Two minutes, too much: South student reacts to new passing time

Sarah Stevenson '19, Web Editor

Hang on for a minute...we're trying to find some more stories you might like.

Email This Story

120 seconds. It doesn’t seem like much, until you’re practically running through the hallways to get to your next class on time.

Last year as I found out the passing time was being changed from seven to five minutes, I didn’t think it would be an issue, considering I seemed to have more than enough time to travel to and from each of my classes, stop at my locker, and even talk to my friends with seven minutes. However, I quickly realized that this new bell schedule would be more challenging than I expected.

The first day of school was just the beginning of the storm that would come.

I headed to my first hour located on the second floor of the main building, excited to see some friends and for the year that was ahead. 50 minutes later, the bell rang and everyone rushed out of the doorway, headed to the next class. I decided I would stop at my locker, also located on the second floor, but I soon realized that was a mistake.

Halfway across bridge to the IA building, the double-ding of the one minute bell echoed throughout the school, and I ultimately accepted that I would not be on time to my class. The class was unfortunately located on the third floor of the IA building. 50 minutes later, and another five minute bell rang.

I had mentally prepared the path I would take to arrive at my third hour located on the first floor of the S building; IA building stairwell, locker, an S building stairwell, then the class. Halfway to the class, and I hear the sound of another one minute bell. Shocked that I would be late to another hour, I began to pick up the pace, but also remembered to not run in the hallways since it’s forbidden.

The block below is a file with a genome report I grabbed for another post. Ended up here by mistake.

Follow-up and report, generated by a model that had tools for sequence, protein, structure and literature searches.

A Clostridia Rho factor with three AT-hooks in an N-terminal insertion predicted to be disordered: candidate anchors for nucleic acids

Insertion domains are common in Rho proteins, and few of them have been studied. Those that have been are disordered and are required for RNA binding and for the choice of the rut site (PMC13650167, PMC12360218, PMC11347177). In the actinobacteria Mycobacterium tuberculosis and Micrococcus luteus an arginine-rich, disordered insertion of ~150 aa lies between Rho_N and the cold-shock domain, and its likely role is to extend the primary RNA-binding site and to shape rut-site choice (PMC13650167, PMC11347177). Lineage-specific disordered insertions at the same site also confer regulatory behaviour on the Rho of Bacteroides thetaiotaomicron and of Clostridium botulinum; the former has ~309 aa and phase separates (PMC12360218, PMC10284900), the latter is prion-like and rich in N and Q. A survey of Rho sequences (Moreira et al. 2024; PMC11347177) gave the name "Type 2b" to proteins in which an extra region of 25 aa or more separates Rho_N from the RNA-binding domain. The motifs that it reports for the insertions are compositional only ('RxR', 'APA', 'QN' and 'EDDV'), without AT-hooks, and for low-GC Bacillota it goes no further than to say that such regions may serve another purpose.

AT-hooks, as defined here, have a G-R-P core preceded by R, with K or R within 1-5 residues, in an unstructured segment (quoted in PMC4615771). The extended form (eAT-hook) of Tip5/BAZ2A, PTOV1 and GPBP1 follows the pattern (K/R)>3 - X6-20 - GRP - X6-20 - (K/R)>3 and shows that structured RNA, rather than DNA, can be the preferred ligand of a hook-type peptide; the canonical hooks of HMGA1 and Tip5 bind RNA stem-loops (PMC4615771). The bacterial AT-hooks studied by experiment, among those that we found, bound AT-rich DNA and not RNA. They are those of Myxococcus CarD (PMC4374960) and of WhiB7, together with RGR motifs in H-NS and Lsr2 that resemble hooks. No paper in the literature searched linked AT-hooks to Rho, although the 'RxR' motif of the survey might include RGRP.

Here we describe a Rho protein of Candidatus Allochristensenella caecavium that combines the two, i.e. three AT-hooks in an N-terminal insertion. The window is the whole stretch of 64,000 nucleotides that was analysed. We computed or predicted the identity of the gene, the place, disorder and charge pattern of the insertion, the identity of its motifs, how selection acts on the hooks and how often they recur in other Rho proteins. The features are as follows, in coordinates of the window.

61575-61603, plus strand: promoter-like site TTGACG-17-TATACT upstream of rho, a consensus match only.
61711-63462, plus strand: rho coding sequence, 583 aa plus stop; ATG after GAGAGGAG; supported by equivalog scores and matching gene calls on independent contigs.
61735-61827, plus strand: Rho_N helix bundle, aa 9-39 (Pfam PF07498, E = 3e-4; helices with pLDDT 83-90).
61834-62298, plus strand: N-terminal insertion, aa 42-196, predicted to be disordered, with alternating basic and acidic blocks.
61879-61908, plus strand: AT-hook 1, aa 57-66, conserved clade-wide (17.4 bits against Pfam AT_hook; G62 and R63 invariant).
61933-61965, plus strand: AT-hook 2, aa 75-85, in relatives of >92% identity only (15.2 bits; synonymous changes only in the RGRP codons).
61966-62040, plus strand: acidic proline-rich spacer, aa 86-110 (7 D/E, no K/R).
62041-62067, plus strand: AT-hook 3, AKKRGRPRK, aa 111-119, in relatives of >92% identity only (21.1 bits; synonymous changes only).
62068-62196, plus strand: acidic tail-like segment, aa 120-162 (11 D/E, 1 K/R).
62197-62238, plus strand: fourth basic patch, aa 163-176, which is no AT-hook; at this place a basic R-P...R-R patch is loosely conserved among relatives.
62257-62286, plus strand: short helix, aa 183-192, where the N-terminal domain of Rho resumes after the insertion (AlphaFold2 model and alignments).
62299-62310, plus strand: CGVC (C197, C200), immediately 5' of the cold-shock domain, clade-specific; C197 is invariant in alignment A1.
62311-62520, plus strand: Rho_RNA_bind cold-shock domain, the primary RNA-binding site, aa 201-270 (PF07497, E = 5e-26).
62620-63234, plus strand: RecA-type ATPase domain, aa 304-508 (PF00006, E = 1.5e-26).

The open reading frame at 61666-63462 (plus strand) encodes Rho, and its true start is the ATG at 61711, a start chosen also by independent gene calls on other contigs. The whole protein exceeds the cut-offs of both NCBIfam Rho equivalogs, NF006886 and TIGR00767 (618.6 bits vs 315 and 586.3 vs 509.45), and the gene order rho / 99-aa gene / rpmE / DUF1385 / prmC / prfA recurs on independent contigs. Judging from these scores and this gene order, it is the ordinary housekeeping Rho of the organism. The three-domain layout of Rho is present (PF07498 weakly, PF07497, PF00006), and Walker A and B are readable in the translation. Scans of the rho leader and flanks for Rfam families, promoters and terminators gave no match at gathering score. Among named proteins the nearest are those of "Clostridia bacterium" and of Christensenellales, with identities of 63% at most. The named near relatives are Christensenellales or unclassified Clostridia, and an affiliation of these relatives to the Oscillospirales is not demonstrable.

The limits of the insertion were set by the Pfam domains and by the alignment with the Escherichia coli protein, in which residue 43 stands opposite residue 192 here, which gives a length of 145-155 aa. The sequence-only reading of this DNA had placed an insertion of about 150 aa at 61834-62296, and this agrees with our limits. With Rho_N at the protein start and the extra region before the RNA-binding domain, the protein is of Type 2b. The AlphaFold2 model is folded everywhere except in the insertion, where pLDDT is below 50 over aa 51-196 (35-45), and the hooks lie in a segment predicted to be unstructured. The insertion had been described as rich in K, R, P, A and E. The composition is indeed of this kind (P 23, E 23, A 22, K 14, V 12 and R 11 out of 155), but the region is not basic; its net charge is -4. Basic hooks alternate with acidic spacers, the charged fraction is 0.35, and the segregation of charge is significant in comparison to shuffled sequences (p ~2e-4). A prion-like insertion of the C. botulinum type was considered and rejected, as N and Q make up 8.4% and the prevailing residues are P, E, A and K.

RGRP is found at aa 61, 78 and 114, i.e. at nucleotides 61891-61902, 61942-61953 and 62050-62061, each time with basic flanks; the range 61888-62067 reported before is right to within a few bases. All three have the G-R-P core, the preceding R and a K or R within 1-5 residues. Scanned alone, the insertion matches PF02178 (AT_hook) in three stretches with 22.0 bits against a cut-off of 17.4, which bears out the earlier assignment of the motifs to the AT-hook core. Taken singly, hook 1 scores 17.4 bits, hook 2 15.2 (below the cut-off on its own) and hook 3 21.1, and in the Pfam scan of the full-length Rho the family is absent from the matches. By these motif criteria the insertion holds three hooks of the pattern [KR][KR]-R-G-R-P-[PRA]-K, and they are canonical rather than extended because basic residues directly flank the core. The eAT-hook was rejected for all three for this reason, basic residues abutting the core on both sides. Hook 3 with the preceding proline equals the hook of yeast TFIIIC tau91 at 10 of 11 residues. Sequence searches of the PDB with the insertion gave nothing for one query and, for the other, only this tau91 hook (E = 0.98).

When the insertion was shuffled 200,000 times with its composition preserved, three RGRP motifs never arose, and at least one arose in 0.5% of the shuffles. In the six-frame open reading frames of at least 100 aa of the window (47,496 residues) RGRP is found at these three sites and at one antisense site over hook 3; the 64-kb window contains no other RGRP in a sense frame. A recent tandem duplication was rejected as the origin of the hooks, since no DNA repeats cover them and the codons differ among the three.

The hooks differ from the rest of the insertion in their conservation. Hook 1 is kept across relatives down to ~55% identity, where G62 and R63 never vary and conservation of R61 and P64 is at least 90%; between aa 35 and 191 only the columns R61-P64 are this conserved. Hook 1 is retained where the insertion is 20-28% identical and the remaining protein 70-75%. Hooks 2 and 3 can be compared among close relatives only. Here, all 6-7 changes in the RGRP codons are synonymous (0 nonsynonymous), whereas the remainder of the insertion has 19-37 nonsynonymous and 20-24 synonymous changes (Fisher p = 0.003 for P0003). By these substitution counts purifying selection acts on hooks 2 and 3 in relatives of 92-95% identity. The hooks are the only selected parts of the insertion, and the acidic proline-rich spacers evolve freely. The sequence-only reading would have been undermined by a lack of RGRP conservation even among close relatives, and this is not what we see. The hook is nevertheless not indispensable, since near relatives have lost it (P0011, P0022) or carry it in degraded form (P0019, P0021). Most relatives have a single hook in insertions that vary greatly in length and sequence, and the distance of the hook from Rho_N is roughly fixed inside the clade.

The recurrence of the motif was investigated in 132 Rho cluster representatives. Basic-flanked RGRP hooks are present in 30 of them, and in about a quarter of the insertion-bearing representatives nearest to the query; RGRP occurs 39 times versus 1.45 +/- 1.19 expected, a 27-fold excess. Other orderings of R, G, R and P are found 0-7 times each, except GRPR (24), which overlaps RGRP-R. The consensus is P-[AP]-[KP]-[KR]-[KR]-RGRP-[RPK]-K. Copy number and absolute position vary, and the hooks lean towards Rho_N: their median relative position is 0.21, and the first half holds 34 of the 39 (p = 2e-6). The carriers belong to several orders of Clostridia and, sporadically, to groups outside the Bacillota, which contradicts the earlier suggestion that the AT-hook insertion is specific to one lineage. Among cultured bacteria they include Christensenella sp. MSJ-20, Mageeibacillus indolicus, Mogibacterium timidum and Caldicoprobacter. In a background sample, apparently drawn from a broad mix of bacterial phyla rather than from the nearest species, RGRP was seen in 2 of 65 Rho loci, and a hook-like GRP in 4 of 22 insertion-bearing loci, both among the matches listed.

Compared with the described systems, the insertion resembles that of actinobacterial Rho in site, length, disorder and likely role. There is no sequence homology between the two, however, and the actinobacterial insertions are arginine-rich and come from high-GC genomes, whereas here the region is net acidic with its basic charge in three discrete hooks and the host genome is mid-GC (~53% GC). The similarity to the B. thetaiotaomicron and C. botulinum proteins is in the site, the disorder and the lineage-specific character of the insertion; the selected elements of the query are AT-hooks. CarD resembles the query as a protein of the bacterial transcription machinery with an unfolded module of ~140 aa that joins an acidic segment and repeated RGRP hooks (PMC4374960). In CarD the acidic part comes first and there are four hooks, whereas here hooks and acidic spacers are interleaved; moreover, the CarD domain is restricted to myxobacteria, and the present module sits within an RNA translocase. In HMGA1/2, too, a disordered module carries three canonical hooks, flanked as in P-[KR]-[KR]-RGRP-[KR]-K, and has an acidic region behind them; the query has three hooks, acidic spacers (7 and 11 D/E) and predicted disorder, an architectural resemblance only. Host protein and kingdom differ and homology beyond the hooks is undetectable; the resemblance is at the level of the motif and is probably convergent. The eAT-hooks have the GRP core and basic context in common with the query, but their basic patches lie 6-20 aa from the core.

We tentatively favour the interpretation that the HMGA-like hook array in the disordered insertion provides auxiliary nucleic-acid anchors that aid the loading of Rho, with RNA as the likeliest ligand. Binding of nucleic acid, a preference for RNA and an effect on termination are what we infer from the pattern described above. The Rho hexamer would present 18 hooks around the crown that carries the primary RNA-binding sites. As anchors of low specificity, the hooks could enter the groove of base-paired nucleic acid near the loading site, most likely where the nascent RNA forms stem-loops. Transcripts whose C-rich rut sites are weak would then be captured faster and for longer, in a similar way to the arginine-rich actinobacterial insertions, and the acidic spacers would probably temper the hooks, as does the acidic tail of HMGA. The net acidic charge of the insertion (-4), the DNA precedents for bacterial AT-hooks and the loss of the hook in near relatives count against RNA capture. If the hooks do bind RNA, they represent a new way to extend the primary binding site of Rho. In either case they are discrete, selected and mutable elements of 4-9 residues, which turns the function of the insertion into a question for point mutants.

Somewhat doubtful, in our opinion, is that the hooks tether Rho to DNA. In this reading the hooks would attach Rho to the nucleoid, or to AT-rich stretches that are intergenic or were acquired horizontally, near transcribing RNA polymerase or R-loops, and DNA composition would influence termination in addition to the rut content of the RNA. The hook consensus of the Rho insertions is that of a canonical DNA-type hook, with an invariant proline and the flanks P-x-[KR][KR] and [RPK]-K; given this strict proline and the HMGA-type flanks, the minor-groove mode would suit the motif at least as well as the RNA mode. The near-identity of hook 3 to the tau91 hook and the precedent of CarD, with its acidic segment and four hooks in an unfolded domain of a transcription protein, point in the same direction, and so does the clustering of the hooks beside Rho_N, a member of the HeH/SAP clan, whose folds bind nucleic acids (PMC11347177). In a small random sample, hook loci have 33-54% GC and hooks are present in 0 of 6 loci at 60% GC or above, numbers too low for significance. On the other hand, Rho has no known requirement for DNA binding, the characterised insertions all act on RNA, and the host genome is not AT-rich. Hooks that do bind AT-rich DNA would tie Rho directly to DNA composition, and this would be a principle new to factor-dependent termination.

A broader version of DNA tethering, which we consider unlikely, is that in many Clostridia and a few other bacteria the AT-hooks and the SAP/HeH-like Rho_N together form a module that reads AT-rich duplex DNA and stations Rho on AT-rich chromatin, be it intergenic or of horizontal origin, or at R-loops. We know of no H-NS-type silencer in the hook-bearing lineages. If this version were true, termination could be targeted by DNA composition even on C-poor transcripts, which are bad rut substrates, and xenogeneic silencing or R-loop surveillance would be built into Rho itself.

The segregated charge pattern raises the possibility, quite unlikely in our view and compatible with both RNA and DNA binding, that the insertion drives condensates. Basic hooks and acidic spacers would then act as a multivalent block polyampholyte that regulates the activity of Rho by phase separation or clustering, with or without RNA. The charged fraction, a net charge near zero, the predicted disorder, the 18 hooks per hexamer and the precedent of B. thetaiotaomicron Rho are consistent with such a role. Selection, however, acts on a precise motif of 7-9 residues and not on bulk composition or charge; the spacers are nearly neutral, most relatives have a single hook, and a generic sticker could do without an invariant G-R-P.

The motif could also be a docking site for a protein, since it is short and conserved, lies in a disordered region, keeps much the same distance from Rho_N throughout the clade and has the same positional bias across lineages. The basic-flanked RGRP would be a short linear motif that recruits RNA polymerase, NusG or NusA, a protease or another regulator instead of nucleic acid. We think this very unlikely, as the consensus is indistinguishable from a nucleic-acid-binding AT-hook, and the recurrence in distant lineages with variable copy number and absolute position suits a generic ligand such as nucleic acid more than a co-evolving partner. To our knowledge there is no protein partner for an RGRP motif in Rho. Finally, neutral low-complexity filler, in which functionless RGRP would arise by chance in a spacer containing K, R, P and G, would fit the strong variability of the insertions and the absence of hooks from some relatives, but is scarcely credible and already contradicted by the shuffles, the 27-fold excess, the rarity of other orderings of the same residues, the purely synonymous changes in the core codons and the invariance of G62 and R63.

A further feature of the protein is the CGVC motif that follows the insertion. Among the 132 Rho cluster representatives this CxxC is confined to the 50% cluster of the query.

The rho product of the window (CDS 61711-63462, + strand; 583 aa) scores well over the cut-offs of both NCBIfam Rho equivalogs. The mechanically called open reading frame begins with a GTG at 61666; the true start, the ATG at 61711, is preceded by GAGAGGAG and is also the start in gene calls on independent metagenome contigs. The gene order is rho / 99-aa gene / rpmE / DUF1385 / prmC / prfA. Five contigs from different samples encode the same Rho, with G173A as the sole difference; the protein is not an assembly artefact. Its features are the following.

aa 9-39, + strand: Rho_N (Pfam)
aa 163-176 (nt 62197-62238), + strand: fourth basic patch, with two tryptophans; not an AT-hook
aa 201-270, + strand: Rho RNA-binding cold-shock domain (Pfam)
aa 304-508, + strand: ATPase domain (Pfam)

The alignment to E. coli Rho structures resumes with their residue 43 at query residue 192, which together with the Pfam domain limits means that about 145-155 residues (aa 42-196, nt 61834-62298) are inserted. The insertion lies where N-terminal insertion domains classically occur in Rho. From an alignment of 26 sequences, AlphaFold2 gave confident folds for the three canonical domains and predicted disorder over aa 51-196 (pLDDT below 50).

As I swiftly walked through the halls, even adding in a small jog every now and then, I began to feel like a lost freshman, scrambling to get to class on time.

I arrived to class about 20 seconds late, and I have yet to be in my seat when the bell rings at the beginning of third hour.

As a student that has been tardy to a class less than a handful of times, it’s frustrating that I was late to two of my classes almost every day during the first week of school. The reason being is because I stopped at my locker; I’ve now learned there’s no time for that anymore.

I’m now unable to stop at my locker after every class, a luxury I took for granted last year. Now, I pack my bag for every two classes, quickly walk through the crowded hallways, and stare blankly at the mass amount of students filling the IA building stairwell, looking as clogged as a toilet.

In addition, this new bell schedule is not only affecting the beginning of class, but the entire class period.

Since students are unable to use the restroom or get a drink of water during the passing time, they’re resorting to leaving during the class period to do the things that they didn’t have enough time for before the class begins. Overall, it’s disrupting the class, and ultimately hurting the students.

Although this five minute passing time is unreasonable, I believe there are some solutions to resolve the overwhelming amount of late students.

If administration decides to continue with this shortened passing time, teachers should be told to mark attendance two minutes after the bell rings. This would decrease the amount of stress that comes with the short five minutes, and also allow both staff and students to have the same abilities we’ve had in the years prior.

Another resolution is to add one more minute to the passing time, changing it from the unrealistic five minutes to a practical six minute passing time. Again, this would provide everyone in the school with more flexibility.

Overall, I hope others see the issue surrounding the bell schedule, and decide to take action to resolve some of the problems that have been created as a result.